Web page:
Director of Federal Tax Policy
As our new paper explains, the House Ways and Means Committee is scheduled to consider a bill this week to repeal the federal estate tax on inherited wealth, just one week after the House Budget Committee approved a budget plan calling for $5 trillion in program cuts disproportionately affecting low- and moderate-income Americans.
Repealing the estate tax would be highly misguided — especially in the context of the House Budget Committee plan, which would repeal health reform and cut Medicaid deeply, causing tens of millions of Americans to become uninsured or underinsured; cut the Supplemental Nutrition Assistance Program (SNAP, formerly known as food stamps), making it harder for millions of low-income families to put food on the table; and cut Pell Grants, raising the financial hurdle for people of modest means to attend college. Despite these and hundreds of billions of dollars in additional cuts that were largely unspecified, the budget included no revenue increases. And while concerns of future deficits supposedly drive the budget plan’s harsh cuts, repealing the estate tax would significantly expand deficits.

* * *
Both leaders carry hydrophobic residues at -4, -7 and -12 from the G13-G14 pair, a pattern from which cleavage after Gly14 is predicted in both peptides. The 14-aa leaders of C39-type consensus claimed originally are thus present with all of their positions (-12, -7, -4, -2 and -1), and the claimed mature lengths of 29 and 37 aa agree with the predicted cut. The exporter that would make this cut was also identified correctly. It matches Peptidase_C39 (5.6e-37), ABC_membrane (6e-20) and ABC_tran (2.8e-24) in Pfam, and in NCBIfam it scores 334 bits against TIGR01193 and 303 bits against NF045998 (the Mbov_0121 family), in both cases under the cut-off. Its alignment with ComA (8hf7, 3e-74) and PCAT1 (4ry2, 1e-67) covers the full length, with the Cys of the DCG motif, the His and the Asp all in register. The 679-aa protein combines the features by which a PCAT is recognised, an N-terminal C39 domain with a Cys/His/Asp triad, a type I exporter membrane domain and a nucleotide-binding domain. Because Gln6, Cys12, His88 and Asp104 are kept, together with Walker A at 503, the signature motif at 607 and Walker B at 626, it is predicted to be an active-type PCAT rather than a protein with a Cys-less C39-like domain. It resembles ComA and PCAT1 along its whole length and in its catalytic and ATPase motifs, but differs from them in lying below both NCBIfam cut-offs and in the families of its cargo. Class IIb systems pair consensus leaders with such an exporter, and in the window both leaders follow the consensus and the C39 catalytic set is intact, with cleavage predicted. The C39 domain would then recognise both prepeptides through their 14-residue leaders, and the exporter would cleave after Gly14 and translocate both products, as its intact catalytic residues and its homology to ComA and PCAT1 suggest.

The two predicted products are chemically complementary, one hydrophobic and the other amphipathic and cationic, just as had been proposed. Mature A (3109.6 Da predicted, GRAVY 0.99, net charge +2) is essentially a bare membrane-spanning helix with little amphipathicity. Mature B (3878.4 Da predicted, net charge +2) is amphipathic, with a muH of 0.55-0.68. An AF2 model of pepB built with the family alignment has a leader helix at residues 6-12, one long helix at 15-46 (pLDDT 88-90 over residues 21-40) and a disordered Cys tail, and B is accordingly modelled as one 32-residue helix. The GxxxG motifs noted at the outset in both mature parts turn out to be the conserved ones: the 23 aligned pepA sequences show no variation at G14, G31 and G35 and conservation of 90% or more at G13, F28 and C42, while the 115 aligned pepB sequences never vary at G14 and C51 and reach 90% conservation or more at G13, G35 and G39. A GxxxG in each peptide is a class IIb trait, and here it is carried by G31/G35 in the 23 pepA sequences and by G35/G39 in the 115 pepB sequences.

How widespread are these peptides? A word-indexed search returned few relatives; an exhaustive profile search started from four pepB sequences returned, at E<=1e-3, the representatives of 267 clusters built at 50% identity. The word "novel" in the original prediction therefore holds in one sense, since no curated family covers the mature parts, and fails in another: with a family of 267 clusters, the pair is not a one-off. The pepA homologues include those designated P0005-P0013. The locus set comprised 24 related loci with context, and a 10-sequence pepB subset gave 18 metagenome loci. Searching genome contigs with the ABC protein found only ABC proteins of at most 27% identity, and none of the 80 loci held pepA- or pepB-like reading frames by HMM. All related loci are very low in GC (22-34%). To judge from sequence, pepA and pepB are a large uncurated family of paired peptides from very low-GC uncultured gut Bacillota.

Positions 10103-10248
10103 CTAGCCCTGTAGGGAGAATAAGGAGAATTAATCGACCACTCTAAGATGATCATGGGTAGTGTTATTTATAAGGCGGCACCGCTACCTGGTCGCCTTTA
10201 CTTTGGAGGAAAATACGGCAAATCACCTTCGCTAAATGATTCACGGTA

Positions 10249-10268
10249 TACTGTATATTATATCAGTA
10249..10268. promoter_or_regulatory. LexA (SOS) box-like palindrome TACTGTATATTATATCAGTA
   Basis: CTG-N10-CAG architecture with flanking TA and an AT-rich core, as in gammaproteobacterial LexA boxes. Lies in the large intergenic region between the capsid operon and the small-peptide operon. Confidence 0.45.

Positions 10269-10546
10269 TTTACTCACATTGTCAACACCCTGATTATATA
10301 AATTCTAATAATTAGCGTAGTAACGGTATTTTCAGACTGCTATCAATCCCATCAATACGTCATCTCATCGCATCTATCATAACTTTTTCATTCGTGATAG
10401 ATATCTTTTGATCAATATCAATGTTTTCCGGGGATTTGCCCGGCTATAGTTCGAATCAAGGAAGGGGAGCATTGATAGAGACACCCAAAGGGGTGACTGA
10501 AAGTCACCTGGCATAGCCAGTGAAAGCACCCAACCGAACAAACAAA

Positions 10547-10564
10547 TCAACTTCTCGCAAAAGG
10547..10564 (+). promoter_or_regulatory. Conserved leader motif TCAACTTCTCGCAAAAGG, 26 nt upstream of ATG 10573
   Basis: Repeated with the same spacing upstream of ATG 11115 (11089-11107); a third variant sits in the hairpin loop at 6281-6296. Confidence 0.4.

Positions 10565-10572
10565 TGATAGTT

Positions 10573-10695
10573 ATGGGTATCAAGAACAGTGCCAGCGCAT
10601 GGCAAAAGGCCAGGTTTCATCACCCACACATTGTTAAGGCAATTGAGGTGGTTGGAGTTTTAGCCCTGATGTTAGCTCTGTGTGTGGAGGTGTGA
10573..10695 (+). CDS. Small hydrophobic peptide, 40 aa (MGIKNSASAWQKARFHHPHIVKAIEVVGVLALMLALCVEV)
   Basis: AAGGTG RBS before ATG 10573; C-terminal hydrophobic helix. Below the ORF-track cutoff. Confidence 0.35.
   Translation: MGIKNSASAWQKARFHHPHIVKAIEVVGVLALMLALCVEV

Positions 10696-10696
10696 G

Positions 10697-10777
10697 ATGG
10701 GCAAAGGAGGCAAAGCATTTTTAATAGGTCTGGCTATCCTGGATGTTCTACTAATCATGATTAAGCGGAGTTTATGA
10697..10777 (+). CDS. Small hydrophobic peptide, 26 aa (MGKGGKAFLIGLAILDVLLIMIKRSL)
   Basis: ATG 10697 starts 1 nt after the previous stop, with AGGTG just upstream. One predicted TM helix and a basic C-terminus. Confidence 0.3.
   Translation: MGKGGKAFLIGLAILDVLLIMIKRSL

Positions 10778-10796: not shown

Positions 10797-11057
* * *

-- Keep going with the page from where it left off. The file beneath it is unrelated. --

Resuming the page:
In addition, despite policymakers’ frequent statements about the importance of work, repeal would reduce the incentive for heirs of large estates to work.
Evidence shows the estate tax is an economically sound tax. Contrary to claims that the estate tax hurts the economy, it likely has little or no impact on wealthy donors’ savings, and it encourages heirs to work. The estate tax is an economically efficient way to raise revenue that supports public services and lowers deficits without imposing burdens on low- and middle-income Americans. The tax plays an important role in our revenue system, particularly given our long-term budget challenges. Click here for the paper.